The Omega baffle looks more like an old-fashioned silo with a wide roof than the cone-based baffles that are a central theme in most suppressor designs today. Since a suppressor works by juggling changes in pressure, volume, and temperature of combustion gases driving a bullet out of a barrel, it should come as no surprise that the Omega baffle incorporates many of the same core principals as previous baffle designs. What makes the Omega baffle one of the most important designs in the history of sound suppression is that it exploits basic gas laws in some surprising ways. The Omega baffle is a coaxial design, which means that the baffle (silo roof) seals an outer ring of airspace around the baffle core. A reduced diameter spacer (silo wall) forms the wall separating the inner and outer coaxial chambers. This outer coaxial ring is useful space for delaying and cooling hot combustion gas. Each baffle nests with adjacent baffles to strengthen the baffle stack.
How the Omega baffle works is a brainteaser, since it’s deceptively simple to the casual observer. The Omega baffle incorporates no slanted sidewalls, no wandering mazes for trapping gases, no surfaces with geometric patterns to increase turbulence. The top-secret key to the Omega baffle is not what’s there, but what’s not there. All that is left are holes. Holes in the inner coaxial walls, holes in the baffles, holes that encourage gas to move where it can be slowed and cooled. A flute of holes per baffle, an orchestra of flutes per suppressor. Each flute must be tuned individually to achieve a harmonious whole. Tuning Omega baffles depends upon caliber and barrel length, among other factors. Hole size, shape, pattern, and relative position to adjacent baffles are also critical design factors.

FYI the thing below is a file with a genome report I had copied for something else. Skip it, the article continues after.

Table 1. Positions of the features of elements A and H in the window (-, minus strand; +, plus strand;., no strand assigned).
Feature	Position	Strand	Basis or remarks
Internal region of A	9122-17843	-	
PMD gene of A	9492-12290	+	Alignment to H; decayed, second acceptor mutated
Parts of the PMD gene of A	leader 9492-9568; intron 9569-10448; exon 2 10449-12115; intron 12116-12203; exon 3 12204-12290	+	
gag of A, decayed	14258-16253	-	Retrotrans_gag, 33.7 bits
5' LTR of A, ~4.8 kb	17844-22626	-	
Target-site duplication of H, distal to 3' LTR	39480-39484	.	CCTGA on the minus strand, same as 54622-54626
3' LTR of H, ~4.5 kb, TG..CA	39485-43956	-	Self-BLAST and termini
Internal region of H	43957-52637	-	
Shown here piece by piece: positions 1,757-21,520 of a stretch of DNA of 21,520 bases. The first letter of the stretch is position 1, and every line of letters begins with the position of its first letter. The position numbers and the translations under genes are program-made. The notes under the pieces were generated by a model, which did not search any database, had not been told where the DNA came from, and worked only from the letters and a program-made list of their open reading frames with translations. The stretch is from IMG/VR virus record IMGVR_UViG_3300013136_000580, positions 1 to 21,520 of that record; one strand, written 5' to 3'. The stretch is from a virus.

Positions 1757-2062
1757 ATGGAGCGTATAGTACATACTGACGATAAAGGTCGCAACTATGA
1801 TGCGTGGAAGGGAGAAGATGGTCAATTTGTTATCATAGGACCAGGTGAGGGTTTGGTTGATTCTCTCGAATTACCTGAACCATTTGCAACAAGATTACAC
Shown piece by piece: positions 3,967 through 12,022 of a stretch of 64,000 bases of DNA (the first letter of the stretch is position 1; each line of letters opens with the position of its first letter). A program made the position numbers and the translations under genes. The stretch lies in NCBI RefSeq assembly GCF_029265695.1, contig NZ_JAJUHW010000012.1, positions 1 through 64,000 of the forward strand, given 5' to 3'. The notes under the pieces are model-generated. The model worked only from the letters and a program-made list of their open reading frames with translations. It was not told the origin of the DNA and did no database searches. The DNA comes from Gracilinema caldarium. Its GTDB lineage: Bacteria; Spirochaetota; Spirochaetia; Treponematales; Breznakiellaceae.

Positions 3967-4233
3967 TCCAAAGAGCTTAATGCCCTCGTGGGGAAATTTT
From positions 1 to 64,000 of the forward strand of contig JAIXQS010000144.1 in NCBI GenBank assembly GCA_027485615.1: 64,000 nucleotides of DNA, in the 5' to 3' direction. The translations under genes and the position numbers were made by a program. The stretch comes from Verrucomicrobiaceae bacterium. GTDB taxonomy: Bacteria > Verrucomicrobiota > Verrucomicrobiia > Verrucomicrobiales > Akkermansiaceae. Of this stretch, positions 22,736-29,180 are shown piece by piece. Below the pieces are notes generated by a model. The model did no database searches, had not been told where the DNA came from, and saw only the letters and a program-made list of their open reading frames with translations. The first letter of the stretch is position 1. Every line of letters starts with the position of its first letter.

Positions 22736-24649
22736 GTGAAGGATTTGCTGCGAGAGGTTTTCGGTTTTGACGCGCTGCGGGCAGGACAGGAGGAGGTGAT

Nowhere is baffle tuning more critical than in the design of .45 caliber pistol suppressors, which must be shorter, slimmer, and lighter than rifle and submachine gun suppressors designed for the same cartridge. Designing effective outer coaxial chambers is also more critical for a .45 suppressor than the smaller pistol calibers. The HEMS2 incorporates design elements in the coaxial chambers to avoid gas behaviors that have limited the effectiveness of coaxial structures in some other suppressors.